A land assembly is the end result of purchasing various smaller parcels of property to merge them into one large land parcel or property.
A land assembly is a highly complicated transaction to perform! It requires high levels of patience, deal making abilities, savvy and pragmatism – which are not normally found together. It’s the CRE equivalent of herding cats.
Assemblies are normally triggered by land parcels being assigned greater zoning rights according to an updated spatial development framework. For example, land parcels may have only been allowed to build only properties 3 stories above natural ground level, and with a maximum floor to area ratio (FAR) of 1.2. In the event of the land parcels being accorded super bulk rights, the height restriction may be boosted to, say, 20 stories, with a FAR of 15.
This makes the “air above the land” more valuable. It enables developers, subject to subject to demand and feasibility, to value properties on a “bulk value per square meter” basis. Thus developers are incentivised to pay a premium for the land.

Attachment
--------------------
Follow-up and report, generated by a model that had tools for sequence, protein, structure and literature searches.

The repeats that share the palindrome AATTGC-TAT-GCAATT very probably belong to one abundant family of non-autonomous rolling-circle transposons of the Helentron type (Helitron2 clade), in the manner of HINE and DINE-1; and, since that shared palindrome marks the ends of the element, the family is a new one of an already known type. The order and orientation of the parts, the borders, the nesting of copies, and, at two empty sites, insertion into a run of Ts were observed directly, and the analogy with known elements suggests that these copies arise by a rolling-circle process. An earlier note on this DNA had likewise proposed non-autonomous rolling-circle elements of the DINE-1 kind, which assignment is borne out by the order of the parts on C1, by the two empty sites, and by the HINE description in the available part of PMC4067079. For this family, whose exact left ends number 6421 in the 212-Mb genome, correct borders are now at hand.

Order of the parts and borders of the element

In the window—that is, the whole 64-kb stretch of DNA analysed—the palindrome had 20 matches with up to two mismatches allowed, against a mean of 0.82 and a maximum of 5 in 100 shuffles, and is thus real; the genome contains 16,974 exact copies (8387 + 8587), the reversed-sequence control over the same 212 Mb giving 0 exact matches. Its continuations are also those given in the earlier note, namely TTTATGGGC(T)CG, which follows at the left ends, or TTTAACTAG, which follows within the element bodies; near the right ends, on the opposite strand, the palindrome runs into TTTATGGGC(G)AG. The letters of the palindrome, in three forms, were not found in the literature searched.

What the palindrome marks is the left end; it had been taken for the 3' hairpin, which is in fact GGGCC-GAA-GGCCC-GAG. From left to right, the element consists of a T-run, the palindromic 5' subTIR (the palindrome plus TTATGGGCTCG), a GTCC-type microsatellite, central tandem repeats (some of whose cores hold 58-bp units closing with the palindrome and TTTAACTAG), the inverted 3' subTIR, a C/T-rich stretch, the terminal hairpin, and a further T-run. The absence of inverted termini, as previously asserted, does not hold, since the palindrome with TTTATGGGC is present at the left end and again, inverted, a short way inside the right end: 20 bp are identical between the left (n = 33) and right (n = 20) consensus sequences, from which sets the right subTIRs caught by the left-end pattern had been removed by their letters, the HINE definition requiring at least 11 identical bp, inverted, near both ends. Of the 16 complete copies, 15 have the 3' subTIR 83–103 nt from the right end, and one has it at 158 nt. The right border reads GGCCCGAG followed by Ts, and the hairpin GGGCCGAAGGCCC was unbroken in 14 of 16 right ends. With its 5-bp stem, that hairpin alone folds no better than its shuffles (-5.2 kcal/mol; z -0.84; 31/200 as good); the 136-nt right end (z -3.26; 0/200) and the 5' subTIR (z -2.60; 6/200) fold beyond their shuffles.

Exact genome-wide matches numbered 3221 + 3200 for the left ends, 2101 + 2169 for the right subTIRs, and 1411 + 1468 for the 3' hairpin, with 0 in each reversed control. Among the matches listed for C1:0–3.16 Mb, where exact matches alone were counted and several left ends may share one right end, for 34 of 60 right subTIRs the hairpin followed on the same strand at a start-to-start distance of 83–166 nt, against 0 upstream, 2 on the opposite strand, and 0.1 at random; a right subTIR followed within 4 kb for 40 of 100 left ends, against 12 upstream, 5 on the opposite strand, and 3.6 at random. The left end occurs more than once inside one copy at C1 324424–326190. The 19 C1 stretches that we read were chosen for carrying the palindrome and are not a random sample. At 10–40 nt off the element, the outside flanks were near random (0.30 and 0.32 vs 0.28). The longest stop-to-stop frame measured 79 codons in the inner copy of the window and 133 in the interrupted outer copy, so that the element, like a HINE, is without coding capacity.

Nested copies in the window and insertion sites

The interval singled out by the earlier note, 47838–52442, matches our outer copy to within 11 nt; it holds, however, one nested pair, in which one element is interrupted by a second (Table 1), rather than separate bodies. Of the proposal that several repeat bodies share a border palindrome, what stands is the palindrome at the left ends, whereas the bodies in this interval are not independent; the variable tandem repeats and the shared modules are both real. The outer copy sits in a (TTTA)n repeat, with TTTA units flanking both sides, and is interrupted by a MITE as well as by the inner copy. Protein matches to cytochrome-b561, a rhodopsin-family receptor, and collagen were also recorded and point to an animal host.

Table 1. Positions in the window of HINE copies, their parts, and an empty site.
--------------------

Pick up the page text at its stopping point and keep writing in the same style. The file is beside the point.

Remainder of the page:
Famous examples of successful CRE assemblies in South Africa:
- Menlyn Maine in Pretoria – this previously used to be comprised of 104 residential properties, covering 21.5 hectares of prime land
- The current premises of Sasol and Bidvest Bank by Alchemy, in Sandton
- The aggregation of smaller land parcels by Growthpoint to build Discovery’s head office
An image of Menlyn Maine’s successful assembly is below: